Do ants eat caterpillars ?

Tagged: ,

This topic contains 5 replies, has 5 voices, and was last updated by  Pedropackman 8 months, 1 week ago.

  • Creator
  • #36362


    I have had quite a few caterpillars (and one chrysalis) on my swan plant but they seem to disappear. I’ve noticed a huge hoard of ants on the plant and I’m wondering if they’re the culprit. Does anyone have any advise for me please ?

Viewing 5 replies - 1 through 5 (of 5 total)
  • Author
  • #55924


    For the past three years Argentinian ants have eaten all the Monarch eggs on my and adjacent properties.
    This is in Kuaotunu, on the Coromandel.



    Yes, ants DO eat small caterpillars and eggs but do not kill the ants with a chemical spray because that may harm the cats.



    Just read this in GET GROWING:

    If you see a trail of ants heading up a stem it’s a sure sign that mealybugs, aphids, plant hoppers or whitefly are in residence. The ants are on the way to harvest the honeydew that the sap-suckers excrete.

    Ants build their nests in dry, loose soil, so making sure potted plants are well watered to keep them away.

    If pots are small enough to be lifted, soak them thoroughly in a bucket of water to drown any nests within.

    Trays of seedlings and small pots can be placed above trays of water that act as moats, preventing ants from reaching the plants.

    GET GROWING reader Maree Riordan sent this tip: “Getting rids of ants in the garden is easy. Mix equal amounts of icing sugar and baking soda and place in a plastic container with a few holes drilled in it. The ants are drawn to the sugar but can’t tell the sugar from the soda so ingest both. The soda builds up gas that can’t be expelled from their body, so the ant dies.”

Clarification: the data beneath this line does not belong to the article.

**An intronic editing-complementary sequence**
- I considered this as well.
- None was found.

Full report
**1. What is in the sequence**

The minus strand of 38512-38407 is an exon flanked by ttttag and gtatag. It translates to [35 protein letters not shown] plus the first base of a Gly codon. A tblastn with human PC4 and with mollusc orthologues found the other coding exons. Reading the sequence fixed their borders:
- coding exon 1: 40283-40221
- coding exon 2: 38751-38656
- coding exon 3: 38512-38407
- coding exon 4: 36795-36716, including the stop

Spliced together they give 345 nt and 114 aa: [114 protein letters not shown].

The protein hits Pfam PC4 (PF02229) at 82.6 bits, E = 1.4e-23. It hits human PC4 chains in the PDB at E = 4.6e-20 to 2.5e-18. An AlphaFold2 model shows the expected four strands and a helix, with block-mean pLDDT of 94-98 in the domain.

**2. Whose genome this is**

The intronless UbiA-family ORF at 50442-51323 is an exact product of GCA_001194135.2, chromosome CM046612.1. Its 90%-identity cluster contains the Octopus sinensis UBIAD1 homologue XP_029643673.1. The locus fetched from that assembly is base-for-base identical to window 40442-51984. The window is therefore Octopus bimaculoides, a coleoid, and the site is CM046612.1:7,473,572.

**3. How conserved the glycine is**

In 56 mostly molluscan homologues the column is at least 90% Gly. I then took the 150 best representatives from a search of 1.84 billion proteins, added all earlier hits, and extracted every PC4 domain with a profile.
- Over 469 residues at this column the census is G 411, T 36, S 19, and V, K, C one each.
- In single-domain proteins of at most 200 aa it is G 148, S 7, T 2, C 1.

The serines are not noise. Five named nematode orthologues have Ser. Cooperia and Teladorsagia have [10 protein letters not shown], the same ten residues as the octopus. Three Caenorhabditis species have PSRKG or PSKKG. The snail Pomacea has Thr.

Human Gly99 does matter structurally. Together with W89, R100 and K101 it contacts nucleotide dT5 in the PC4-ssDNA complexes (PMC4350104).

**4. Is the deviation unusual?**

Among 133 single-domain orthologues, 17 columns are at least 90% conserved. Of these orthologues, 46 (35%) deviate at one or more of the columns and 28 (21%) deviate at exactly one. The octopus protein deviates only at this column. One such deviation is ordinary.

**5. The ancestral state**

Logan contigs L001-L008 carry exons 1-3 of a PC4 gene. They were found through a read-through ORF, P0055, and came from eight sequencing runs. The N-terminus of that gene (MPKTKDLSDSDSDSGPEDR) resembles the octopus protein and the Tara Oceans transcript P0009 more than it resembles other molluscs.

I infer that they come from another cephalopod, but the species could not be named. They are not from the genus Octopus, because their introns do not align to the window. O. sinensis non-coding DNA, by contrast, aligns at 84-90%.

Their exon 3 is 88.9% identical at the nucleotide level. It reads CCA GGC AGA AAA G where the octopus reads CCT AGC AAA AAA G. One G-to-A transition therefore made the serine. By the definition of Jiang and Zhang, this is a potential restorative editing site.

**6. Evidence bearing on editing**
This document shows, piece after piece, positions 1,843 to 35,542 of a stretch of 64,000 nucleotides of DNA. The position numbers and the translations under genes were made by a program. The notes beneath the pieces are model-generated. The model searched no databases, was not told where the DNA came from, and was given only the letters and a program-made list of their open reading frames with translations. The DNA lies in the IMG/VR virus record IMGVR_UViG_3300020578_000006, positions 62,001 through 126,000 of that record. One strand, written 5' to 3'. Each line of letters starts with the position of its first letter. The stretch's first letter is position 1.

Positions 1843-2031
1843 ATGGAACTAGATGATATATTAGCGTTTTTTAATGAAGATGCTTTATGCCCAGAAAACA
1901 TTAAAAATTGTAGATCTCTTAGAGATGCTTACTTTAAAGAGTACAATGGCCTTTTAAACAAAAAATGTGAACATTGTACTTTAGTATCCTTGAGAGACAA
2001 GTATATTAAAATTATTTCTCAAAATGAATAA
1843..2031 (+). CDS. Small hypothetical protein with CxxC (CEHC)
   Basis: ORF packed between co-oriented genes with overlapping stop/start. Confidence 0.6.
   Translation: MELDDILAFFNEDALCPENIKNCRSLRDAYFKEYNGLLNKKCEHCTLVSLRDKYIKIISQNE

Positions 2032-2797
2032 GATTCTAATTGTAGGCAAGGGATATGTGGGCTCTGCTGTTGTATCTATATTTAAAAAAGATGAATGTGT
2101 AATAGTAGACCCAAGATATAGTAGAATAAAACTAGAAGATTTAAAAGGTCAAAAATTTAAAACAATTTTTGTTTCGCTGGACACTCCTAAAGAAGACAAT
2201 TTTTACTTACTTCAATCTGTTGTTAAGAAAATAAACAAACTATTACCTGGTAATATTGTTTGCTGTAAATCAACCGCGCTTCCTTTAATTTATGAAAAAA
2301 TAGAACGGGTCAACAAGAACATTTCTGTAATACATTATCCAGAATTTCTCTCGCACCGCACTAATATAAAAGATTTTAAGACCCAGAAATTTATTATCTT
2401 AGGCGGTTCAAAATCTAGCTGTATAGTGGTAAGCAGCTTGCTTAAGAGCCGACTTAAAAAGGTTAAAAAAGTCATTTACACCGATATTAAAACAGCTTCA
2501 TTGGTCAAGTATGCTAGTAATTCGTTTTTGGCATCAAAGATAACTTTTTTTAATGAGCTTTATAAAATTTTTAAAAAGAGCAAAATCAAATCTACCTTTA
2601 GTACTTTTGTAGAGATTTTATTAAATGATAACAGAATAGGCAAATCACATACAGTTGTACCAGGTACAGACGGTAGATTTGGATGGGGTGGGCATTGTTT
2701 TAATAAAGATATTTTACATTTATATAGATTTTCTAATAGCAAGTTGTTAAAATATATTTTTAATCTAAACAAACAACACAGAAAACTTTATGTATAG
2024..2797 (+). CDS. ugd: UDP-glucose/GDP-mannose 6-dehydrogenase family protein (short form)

Commercial products include Kiwicare’s NO Ants Gel Bait or NO Ants Liquid Bait, Yates’ Neverong or diatomaceous earth from DENZ Ltd.



    Yes, people here have reported seeing ants taking eggs and small caterpillars before.



    Below is some research date from the States regarding ants… In my experience ants have moved in when a chrysalis is damaged and not before.
    She found that monarch eggs were less likely to survive on plants on which ants had been observed, suggesting that ants are important predators. This conclusion is supported by work in Texas by Calvert (1996, 2004), who found that monarchs inside enclosures were much more likely to survive than those outside the structures. Calvert found that invasive fire ants currently kill most of the monarch eggs and larvae present in many areas in Texas, but thinks that pre-fire ant mortality may have been similarly high, since these invasive ants displaced native ants that also preyed on monarchs. In addition to predators, insect parasitoids are important sources of monarch mortality in some locations. Prybsy (2004) and the Monarch Larva Monitoring Project have both documented mortality rates of from 10% to 90% in late instar monarchs due to tachinid fly (family Tachinidae) parasitoids, but these rates are variable from location to location and year to year.

Viewing 5 replies - 1 through 5 (of 5 total)

You must be logged in to reply to this topic.